Discourse and Q&A with Bonne
Marie Burns of ChicKnits.com
la la, this is my favorite time of year. Let's shout
it out together:
"It's Sweater Weather!!!"
wearing them or making them, La Bonne Tricoteuse is
in her ultimate element in the late autumnal northern
hemisphere. The only problem is that she can't knit
as fast as the ideas are coming to her.
If your mail is any indication, this seems to be the
case with a lot of Knitty readers! Thanks for all
the great e-mails and questions you've sent my way.
I've answered a lot of you individually but here are
a few for the round table:
reader Afton Koontz: How come when you felt an
item, the rows [how long it is] shrink more than the
stitches [how wide it is] and sometimes it's even
shrinking all around?
Bonne Tricoteuse: If this were CSI, I'd have my
man Bill Peterson [whom I actually went out with once
when I was too young to know better] put a piece of
yarn under his microscope and let you take a look.
You would see that wool is made up of vertically overlapping
scales. These scales make the wool [or the hair of
any mammal, like alpaca or goat] have a natural springing
characteristic. The diameter of the fiber stays stable.
make yarn, you take long fibers and combine them in
a twisting process called spinning to merge and lengthen
the fibers into one continuous piece. So when you
shrink a fiber, you are naturally making smaller the
structure that CAN change. The scales stack up tighter
on each other but the diameter changes much less.
Heat and agitation with abrasion cause felting. Different
yarns felt differently depending on the fibers used
and the way they are spun. I felt things by washing
them in hot water with two pairs of blue jeans and
a little Dawn Dish soap. Scrubbing Hot Bubbles = Felting.
note: For more on felting, take a look at Kathy
Wortel's article in this issue of Knitty.
From reader Martha Uniack: I love Mon Tricot.
I have been trying to find out if they still publish.
Do you know?
Bonne Tricoteuse: Unfortunately Mon Tricot is
no longer. But it will live forever on eBay! Try this
love the Mon Tricot Knitting Dictionaries [around
reader Maggi Tinsley: I
have a sweater I knitted in the mid-'80s and I'm thinking
I'd rather it was another garment. The yarn is delicious
and was expensive, so I don't want to lose it, but
the cable doesn't even show because it's tweedy [silk/wool
blend in turquoise/purple], and the cardigan is too
big, and one sleeve was just made wrong so even though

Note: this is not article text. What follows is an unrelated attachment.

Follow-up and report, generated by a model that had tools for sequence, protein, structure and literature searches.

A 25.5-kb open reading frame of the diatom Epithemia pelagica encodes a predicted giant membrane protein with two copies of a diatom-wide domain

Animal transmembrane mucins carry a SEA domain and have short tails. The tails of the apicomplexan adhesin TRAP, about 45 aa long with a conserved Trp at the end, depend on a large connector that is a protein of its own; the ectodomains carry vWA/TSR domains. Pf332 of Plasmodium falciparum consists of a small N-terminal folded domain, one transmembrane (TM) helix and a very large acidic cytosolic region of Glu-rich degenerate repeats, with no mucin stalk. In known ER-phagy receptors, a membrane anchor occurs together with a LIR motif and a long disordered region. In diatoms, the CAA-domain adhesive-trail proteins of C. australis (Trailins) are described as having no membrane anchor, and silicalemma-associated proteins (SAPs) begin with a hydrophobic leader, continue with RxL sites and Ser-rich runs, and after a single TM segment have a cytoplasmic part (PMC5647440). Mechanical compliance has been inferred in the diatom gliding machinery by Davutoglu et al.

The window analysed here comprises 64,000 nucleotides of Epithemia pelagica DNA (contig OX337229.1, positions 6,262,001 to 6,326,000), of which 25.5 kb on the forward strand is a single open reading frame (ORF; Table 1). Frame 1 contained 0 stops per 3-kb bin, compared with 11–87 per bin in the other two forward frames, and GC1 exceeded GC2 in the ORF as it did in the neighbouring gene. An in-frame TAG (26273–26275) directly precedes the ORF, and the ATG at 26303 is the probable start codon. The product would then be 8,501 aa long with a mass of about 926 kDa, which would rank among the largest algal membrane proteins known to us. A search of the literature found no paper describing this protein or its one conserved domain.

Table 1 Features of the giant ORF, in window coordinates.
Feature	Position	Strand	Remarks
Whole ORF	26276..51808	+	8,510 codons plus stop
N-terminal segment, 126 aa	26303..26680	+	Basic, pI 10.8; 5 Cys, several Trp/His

I've re-seamed it trying to fix, all that's left is
more bulk. Can I take the whole thing apart almost
20 years later? My one expert-knitter friend opines
no: "I think the yarn is so set in its present form
that it would look awful reknitted." Say it isn't
Bonne Tricotuese: You have struck platinum with
La Bonne. I am the Diva of Deconstruction! The Reigning
Queen of Reconstitution. The Frog Princess of all
process, done carefully and patiently on wool or wool-blend
yarns, will eventually yield a brand new garment.
1. Take out all seams carefully. Use a darning
needle to help undo knots.
2. Unravel the knitted piece slowly. At the
same time, wind the yarn around a cardboard box about
12-18 inches high, 12 inches wide, and about 2 inches
thick. You are making skeins, so when you have a decent
handful of yarn on the box, tie it in four places
with scrap yarn loops. I trim all the loops except
the one nearest the free end of the yarn so I can
find it easily later.
3. When all your yarn is skeined, fill a big
sink with lukewarm water and add a couple of handfuls
of shampoo [after all, wool is hair!]. I like to use
Mane'n'Tail Shampoo & Conditioner for washing all
4. Soak your skeins for ten minutes. By this
time you will witness the MIRACLE of the relaxation
of the loops and start screaming. [Uh, maybe not if
you're not me.]
5. Swish them around a little and let soak
another 10 minutes.
6. To rinse, drain the sink, refill it and
add a couple of handfuls of hair conditioner. Let
soak for 10 minutes.
7. Gently lift and squeeze out excess water
and put the skeins in a bucket or bowl so water doesn't
get all over.
8. Lay out the skeins flat on a towel and roll
up. Leave for one hour.
9. Lay out the skeins on a new dry towel and
let air dry overnight or until completely dry. Some
people hang their skeins but I find this puts too
much stress on the yarn and destroys its elasticity.
10. Wind 'em up, baby, and make yourself a
brand new sweater.
reader Katie: I was wondering which type of increase
would be best to use here, where it says "Increase
1 st each end of every 6th row 5 times: 90 [96, 103,
110, 115] sts." Also, where it says "Armholes and
Neckline Bind off . . . Dec 1 st at each side every
other row etc." does this mean using four needles?
Two for each shoulder part?
La Bonne Tricoteuse: Oh goody! We get to go
visit the fun folks over at DnT. They generously provide
the internet knitter with some
animated demos which will take the mystery out
of increasing and decreasing.
Bonne prefers the Make-One increase, which uses the
"bar" of yarn between stitches on the previous row.
You can see it in action
here. This increase is both easy to do and almost
invisible after working.
you are binding off at each edge, you use two needles
as usual. Just increase or decrease at the beginning
and end of the specified row, and then continue in
If there is some center shaping to be made, you still
use two needles but do one side at a time. The side
you're not working on is kept on a stitch holder until
you're ready to work with it. Then you just slip the
stitches off the holder and back on your needle and